The National Police on Saturday maintained that its chief, Neth Savoeun, and his family had no intention to flee the country after acting president of the Supreme Court-dissolved Cambodia National Rescue Party (CNRP) Sam Rainsy accused Savoeun of corruption.
On Friday, Rainsy – who fled to live abroad since 2015 to escape a slew of court charges and convictions – alleged that Savoeun, his wife and three daughters had acquired citizenships from Saint Kitts and Nevis, and Cyprus to prepare for their departure from Cambodia.
“The Hun Sen-led government is about to fall,” Rainsy wrote on his Facebook page.
He also said Savoeun had committed corruption involving millions of dollars and transferred the money overseas.
In a public statement issued on Saturday, a National Police spokesperson clarified that Savoeun had no history of fleeing the country and that it was unnecessary for a “dignitary” like Savoeun to respond to Rainsy.
Calling Rainsy the leader of an “illegal rebel group”, referring to the CNRP, the spokesman said Rainsy had made “several attempts to produce fake news and fabricate the truth, to slander and cause damage to the dignity of [Neth] Savoeun”.
“Neth Savoeun is [a] high-level leader of the National Police who always shares happiness and suffering with [the] Cambodian [people].
“He always cares about the security and safety of every citizen. Never in history has he fled the country, committed treason, betrayed his citizens, caused turmoil or incited any actions which [might] destroy the nation and disturb people’s peace, unlike convict Sam Rainy and his group,” the spokesman was quoted as saying.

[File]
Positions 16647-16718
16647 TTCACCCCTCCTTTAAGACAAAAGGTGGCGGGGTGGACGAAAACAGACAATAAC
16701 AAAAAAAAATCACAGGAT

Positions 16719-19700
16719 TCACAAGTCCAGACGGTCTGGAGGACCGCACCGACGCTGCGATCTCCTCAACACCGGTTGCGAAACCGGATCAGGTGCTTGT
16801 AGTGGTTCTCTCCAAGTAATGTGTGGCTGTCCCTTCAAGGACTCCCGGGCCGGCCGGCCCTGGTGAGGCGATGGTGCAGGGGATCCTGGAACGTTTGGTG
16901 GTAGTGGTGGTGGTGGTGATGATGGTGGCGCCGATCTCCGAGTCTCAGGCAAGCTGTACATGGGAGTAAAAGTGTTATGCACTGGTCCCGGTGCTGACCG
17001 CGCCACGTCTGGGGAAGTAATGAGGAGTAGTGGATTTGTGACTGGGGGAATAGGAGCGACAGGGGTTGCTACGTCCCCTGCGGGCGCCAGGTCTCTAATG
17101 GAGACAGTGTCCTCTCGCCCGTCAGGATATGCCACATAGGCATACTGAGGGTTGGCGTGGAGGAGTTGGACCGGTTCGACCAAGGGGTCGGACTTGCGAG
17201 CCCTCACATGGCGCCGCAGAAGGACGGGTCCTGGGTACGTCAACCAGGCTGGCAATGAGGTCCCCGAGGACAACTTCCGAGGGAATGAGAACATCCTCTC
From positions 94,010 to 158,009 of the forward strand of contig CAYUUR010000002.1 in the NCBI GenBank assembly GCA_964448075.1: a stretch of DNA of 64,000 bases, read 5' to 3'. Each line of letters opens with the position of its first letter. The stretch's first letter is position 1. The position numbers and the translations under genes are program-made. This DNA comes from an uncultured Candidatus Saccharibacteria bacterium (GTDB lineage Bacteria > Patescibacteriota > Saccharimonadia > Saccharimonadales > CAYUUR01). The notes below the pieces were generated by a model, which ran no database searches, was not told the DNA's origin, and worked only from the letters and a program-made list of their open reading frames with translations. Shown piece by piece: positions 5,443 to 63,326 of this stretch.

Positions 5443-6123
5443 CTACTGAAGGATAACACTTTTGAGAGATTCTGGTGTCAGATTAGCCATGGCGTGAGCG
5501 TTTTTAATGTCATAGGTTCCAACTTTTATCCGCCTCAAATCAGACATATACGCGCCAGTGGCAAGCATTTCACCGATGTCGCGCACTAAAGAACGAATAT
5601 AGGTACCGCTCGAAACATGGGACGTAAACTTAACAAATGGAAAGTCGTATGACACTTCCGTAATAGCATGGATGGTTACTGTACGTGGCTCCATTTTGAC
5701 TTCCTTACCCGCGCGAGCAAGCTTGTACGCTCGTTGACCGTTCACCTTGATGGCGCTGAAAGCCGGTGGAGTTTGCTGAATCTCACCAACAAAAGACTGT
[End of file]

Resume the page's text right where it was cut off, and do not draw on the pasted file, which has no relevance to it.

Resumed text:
Despite levelling accusations against Savoeun, Rainsy called on him and the armed forces to turn their backs on Hun Sen and have the prime minister arrested.
In a recent interview with Radio Free Asia (RFA), Rainsy said Savoeun was unable to respond to his claims because he had evidence, citing Savoeun’s identity cards and passports from Saint Kitts and Nevis and Cyprus which he allegedly obtained through special investment schemes.
Rainsy said that based on his research, foreign nationals could pay from $500,000 to acquire citizenship from Saint Kitts and Nevis and Cyprus.
According to Henley & Partners, a citizenship and residence planning consultancy firm, “Cypriot citizenship might be given to wealthy individuals who invest €2.15 million [$2.43 million] into the country and meet certain other requirements”.
Rainsy stressed that if Savoeun rejected his accusations, that would mean the latter had cancelled his other citizenships.
Meanwhile, political analyst Em Sovannara said Rainsy’s allegations could cause breakup within the ruling Cambodian People’s Party (CPP).
“He did so intending to cause cracks within the ruling party, to make them [CPP officials] confront and lose trust in each other,” Sovannara said.
He said the CNRP used to receive similar treatments from the CPP. But lately, it is the latter that is under attack from the former. Politicians had lost their moral sense.”